Besigye, Museveni – Their 30 year fight ahead of 2021
Kampala, Uganda | IAN KATUSIIME | “Winnie, would you accept to be our candidate for President?”
Col. Kizza Besigye posed that question sometime in early October 2000. His wife, Winnie Byanyima was surprised.
“You as who? Who are `we?” she asked Besigye. And the conversation soon became even more serious.
Winnie said: “It would be suicidal. How would you take him on? I wouldn’t do that! How can you, in this short time take on Museveni?”
“People are fed up with him,” Besigye said.
“I guess they are, but it takes some time to turn discontent into votes,” Winnie countered.
Days later, on October 20, 2000, Besigye dropped another surprise on Winnie.
“I am going to run for president,” he told her that night.
Again she answered with a weighty caution.
“I will support you but I hope you realise that this is a one-way ticket. We are defying Museveni. He is going to fight us to the end.”
This drama is captured in Daniel Kalinaki’s book on Besigye titled ‘Kizza Besigye: Uganda’s Unfinished Revolution.”
A week later, on October 28, 2000 at a little known restaurant in Kampala, Besigye publicly declared his intention to challenge Museveni in a press statement.
Nineteen years later, Winnie appears to have been prophetic on both counts: First, although he has challenged Museveni in four presidential elections over 16 years, Besigye appears to have failed to “turn discontent into votes”. Secondly, Museveni and Besigye appear determined to “fight to the end”.
Kalinaki published his book in 2014, with the 2016 presidential battle between Museveni and Besigye already looming. Once again, as the 2021 presidential election nears, most Ugandans are asking whether Besigye will again challenge Museveni – for a fifth time. And what will be the result? Is this the time when Besigye will finally succeed in turning popular discontent into votes?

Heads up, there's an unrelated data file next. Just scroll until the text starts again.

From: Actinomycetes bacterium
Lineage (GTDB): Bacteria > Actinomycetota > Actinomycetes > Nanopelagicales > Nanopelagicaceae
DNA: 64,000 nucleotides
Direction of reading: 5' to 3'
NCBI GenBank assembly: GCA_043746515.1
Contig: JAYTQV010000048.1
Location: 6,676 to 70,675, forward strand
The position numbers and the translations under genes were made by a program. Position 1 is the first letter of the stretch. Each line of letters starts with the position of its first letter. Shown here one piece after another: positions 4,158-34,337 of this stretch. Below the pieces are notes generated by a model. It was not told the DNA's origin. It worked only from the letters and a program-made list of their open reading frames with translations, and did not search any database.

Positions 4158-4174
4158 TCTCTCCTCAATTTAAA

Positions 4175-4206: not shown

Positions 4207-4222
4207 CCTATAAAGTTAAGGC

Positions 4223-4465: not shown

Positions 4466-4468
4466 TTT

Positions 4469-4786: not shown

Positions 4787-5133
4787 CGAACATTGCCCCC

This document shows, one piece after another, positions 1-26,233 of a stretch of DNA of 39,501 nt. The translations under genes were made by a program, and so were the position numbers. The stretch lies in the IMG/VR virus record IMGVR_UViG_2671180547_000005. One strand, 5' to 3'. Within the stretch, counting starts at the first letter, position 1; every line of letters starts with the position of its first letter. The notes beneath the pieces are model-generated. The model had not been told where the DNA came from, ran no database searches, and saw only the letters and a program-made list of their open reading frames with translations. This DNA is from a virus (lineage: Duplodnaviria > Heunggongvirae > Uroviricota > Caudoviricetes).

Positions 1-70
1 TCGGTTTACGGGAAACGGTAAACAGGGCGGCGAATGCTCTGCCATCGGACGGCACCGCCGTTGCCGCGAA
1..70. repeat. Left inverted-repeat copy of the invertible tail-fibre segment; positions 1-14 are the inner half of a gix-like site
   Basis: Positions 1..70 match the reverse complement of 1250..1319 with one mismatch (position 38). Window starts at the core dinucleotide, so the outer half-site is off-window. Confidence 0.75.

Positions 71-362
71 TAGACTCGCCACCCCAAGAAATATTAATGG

This November marked 20 years since Besigye penned his famous dossier titled ‘An insider’s view on how NRM lost the broad base’. The document stirred the hierarchy of the NRM, then known as the Movement, when Uganda was in the throes of a one party political system.
In his missive, Dr. Besigye criticised the creeping autocracy under President Yoweri Museveni who was then in his thirteenth year in power having taken over Uganda in 1986. Besigye started off writing “I have taken keen interest and participated in the political activities on the Ugandan scene since the late 1970s. This was during a period of intense jostling to topple and later succeed the Idi Amin regime.”
He added, “I am therefore, fully aware of the euphoria, excitement and hope with which Ugandans received the Uganda National Liberation Front/Army (UNLF/A)…” The dossier resulted into the court martialing of Besigye, at the time a Colonel in the UPDF, “for airing his views in the wrong forum.”
Besigye accused the NRM of sectarianism and of being a one man dictatorship. It culminated in his declaration to stand for the presidency in the 2001 elections. Since the 2001 election, Besigye has stood three more times against Museveni. In that period, he has incurred the wrath of the NRM regime with trials, teargas, constant arrests, torture and blockades on his home.